ALBUQUERQUE, N.M. (AP) — The lone Republican of New Mexico’s congressional delegation faces an aggressive campaign from advocates who want him to support an immigration reform bill that grants citizenship.
Rep. Steve Pearce, who represents the state’s border region and most Hispanic congressional district, has been bombarded in recent weeks by advocates who have camped outside his New Mexico offices and crowded his town hall gatherings. They also have met with him one-on-one in an attempt to get him to endorse a measure that would provide a path to citizenship for immigrants in the country illegally.
On Sunday, activists plan to bus in even more advocates from as far as Farmington for a rally in Pearce’s hometown of Hobbs, a southeastern New Mexico city that rarely sees immigrant marches.
Similar rallies are being planned this weekend outside key GOP House members’ offices around the country. In Illinois, for example, activists have scheduled a 30-mile march from Decatur to Taylorville on Friday to urge Republican U.S. Rep. Rodney Davis to support reforms.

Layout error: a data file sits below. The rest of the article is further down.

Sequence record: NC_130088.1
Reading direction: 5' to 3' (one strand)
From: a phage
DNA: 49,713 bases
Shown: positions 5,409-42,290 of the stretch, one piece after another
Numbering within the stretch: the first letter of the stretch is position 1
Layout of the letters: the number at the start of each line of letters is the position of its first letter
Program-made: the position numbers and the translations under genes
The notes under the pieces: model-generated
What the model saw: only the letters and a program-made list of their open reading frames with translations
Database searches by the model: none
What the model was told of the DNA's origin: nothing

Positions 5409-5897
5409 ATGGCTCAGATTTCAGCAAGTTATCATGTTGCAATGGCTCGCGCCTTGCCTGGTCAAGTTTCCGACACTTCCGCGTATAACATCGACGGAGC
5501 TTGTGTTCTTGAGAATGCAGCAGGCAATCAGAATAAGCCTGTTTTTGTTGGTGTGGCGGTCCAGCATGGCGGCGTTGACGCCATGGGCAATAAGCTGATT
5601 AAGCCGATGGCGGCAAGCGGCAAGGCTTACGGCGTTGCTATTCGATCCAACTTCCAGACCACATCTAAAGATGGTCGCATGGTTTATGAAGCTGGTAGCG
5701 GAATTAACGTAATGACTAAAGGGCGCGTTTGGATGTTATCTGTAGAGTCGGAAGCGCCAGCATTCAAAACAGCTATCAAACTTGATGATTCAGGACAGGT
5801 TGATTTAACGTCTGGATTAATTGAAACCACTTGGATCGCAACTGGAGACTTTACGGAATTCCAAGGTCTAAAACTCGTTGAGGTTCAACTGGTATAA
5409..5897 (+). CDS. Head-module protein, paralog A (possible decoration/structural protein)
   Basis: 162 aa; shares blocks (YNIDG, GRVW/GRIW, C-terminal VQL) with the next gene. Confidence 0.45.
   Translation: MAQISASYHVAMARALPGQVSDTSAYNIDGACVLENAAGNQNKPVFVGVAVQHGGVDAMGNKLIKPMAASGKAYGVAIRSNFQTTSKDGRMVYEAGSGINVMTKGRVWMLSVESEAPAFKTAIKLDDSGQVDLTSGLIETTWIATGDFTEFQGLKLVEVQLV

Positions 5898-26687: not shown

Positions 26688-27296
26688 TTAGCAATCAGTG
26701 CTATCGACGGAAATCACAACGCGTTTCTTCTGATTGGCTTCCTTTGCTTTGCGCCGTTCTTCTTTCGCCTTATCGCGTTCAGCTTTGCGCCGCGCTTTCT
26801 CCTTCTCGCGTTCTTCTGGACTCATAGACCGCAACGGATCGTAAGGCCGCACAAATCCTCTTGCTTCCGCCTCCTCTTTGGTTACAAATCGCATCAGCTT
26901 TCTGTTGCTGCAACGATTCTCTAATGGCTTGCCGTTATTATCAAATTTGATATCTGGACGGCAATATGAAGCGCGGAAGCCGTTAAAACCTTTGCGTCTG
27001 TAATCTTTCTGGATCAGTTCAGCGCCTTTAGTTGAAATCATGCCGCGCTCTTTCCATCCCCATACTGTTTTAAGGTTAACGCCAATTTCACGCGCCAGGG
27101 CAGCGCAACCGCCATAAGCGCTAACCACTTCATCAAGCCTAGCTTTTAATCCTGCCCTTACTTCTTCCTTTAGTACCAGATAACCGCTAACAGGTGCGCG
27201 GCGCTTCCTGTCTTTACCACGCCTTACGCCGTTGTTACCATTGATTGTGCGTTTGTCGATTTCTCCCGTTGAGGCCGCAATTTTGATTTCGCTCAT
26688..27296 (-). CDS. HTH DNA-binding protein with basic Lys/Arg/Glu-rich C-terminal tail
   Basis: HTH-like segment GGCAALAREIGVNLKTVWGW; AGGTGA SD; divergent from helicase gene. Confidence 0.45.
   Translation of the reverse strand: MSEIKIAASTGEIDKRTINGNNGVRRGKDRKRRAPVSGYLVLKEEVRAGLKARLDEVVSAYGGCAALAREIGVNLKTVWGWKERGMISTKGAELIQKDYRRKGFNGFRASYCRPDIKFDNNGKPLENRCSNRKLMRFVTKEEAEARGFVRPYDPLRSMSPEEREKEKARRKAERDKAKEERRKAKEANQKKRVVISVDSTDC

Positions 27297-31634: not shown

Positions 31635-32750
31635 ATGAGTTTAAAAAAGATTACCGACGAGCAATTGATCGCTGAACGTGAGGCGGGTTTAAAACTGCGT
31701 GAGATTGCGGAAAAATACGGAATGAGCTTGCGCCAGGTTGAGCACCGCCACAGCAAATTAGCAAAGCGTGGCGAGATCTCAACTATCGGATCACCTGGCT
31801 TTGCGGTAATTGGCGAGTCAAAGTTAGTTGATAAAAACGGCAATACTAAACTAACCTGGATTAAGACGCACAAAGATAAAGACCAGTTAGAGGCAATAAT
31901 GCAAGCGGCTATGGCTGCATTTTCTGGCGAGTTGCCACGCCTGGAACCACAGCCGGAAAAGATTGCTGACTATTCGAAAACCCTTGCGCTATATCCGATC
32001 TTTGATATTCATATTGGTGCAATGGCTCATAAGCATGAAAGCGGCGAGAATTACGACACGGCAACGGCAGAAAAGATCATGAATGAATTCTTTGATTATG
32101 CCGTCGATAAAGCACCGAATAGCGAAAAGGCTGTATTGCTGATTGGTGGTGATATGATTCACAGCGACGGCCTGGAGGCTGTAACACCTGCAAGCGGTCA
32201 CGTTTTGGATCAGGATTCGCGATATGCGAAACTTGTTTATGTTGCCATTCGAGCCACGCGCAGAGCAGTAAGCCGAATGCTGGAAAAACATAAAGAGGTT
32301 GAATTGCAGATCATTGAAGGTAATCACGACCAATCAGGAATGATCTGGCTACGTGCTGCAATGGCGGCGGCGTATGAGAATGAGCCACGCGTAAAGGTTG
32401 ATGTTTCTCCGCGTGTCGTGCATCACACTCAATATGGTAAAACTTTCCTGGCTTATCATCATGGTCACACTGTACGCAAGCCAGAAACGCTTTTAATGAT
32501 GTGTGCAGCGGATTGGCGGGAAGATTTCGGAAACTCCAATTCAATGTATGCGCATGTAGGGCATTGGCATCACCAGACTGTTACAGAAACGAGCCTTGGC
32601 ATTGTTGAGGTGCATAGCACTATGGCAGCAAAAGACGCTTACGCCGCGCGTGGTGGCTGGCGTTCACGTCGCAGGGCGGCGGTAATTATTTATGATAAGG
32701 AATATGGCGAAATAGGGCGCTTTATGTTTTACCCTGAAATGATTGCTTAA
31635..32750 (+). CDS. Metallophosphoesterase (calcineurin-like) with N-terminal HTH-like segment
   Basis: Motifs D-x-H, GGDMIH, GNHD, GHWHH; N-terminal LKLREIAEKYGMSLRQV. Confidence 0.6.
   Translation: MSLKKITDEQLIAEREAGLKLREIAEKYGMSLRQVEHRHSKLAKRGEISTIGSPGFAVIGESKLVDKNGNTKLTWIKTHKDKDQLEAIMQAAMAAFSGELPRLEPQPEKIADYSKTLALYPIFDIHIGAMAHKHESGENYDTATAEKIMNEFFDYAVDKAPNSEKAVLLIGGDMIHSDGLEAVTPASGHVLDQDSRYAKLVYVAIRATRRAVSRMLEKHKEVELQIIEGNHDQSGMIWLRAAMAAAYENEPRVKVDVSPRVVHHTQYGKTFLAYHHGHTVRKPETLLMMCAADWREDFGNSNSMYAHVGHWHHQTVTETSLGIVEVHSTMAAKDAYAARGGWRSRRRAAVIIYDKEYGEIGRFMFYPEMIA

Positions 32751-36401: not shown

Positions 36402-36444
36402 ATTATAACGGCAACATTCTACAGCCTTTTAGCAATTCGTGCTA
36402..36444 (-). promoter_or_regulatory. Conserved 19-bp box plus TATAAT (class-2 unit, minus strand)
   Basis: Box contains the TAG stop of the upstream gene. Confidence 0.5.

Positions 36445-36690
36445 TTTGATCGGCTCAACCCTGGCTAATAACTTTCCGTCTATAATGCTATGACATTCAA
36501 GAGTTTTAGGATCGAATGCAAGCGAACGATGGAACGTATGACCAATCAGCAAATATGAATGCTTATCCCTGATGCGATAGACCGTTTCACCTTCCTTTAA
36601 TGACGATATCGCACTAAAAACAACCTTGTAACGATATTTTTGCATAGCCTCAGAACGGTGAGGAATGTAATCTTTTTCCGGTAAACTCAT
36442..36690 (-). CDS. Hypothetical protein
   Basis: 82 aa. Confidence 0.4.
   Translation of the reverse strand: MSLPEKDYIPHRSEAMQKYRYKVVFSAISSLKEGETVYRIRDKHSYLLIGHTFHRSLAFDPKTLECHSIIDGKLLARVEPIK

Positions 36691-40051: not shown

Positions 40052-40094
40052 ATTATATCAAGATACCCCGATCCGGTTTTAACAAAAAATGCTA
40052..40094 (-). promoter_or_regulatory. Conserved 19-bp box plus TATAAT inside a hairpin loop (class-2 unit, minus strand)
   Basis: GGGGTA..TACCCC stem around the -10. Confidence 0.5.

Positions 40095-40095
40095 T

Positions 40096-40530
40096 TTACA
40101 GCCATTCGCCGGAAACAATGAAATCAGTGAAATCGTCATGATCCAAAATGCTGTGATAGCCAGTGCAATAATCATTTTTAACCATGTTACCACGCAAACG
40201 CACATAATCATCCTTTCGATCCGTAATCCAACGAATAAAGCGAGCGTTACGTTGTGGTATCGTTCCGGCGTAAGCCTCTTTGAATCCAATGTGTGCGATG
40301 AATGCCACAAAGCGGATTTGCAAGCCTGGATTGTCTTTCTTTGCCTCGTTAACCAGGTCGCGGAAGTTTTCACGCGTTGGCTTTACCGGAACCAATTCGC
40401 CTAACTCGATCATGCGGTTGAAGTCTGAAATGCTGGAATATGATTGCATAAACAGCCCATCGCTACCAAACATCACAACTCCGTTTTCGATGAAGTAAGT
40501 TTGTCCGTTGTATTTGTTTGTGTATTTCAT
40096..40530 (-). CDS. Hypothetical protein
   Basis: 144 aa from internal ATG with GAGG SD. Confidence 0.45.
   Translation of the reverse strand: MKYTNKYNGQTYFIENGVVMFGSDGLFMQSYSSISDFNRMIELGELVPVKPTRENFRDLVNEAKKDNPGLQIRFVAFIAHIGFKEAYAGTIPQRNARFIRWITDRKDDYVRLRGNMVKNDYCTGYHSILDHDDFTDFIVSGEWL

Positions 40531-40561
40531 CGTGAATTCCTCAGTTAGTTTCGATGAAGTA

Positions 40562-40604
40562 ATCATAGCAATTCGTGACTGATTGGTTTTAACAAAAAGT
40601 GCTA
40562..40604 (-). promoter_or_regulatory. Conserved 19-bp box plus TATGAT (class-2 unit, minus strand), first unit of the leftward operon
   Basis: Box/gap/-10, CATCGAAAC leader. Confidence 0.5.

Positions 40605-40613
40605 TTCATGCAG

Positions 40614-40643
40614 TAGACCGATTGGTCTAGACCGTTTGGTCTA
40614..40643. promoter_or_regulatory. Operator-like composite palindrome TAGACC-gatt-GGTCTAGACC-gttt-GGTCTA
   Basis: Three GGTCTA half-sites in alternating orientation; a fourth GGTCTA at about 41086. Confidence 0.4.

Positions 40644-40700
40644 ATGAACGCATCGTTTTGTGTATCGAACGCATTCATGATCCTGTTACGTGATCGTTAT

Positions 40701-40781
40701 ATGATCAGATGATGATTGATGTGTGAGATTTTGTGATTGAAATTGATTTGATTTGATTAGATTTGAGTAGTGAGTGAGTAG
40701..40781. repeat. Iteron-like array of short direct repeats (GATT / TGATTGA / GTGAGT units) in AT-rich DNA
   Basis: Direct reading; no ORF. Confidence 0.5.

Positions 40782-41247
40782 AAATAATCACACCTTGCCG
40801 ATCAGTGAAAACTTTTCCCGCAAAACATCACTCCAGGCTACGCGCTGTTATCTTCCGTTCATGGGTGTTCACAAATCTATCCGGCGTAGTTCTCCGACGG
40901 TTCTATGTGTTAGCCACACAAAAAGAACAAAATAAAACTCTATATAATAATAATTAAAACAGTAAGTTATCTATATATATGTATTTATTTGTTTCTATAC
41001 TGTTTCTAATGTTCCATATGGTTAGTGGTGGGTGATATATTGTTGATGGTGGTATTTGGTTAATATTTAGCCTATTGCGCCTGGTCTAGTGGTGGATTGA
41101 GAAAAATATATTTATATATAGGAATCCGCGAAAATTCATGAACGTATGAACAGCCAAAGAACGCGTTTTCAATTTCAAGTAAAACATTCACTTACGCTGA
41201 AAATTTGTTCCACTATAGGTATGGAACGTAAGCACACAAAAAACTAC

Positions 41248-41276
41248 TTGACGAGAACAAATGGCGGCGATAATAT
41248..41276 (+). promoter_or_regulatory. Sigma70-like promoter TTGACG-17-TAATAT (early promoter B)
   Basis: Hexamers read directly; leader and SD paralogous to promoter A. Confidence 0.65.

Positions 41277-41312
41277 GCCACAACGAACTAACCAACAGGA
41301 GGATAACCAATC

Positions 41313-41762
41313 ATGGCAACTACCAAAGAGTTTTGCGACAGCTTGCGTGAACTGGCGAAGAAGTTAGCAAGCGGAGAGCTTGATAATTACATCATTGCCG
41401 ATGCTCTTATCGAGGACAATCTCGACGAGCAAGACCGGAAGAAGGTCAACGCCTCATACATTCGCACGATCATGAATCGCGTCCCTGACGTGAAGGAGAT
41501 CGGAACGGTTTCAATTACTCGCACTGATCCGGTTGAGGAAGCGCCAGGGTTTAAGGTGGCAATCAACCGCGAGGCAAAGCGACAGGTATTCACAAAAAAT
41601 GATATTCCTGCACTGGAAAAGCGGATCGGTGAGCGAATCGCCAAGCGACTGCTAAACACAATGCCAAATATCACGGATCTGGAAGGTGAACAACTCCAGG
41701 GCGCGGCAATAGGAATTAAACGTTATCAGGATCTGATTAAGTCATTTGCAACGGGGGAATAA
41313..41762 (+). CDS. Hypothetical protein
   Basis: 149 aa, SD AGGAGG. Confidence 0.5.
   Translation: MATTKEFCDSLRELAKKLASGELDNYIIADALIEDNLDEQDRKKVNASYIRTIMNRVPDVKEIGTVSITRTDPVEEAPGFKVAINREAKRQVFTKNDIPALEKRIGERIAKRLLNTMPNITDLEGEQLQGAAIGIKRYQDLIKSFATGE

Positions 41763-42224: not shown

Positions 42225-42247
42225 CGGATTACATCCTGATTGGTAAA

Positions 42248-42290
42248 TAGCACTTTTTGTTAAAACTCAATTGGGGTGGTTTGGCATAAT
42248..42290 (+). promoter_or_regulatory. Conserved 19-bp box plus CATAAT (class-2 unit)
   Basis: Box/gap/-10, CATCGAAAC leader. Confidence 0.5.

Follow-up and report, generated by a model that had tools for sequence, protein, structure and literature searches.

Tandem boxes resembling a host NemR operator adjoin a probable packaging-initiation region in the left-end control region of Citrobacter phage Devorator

The actions come amid predictions that Pearce’s southern district will be one of the fastest growing Hispanic areas in the country within the next 20 years.
But that doesn’t mean Pearce feels any pressure or concern that the district will return to the Democratic column soon. Pearce is a veteran politician with a strong base and the district has a large number of conservative Latino voters who work in agriculture and the oil and gas industry, says Christina Medina, a government professor at New Mexico State University.
“It’s definitely changing, but this is a district that has historically had lower voter turnout among Latinos,” Medina said. “Any change in policy will have to depend how well (advocates) organize.”
Activists think they are making headway with Pearce.
“He’s been increasingly more cordial, increasingly more interested,” said Aimee Villarreal of Somos Un Pueblo Unido, a New Mexico immigrants’ rights group organizing the event. “We believe we’ve changed the conversation.”
But Pearce, so far, has signaled no change in his positions on immigration reform. The conservative congressman says he wants a new guest worker program to help fix a “broken immigration system.” He has stopped short of supporting a pathway to citizenship for those in the country illegally.
Still, a Pearce spokesman said the congressman will continue to hear people out on immigration reform.
“Productive dialogue is central to Rep. Pearce’s work for New Mexico, and we’ve always welcomed groups of all views and backgrounds to join us in sharing ideas and concerns,” spokesman Eric Layer said.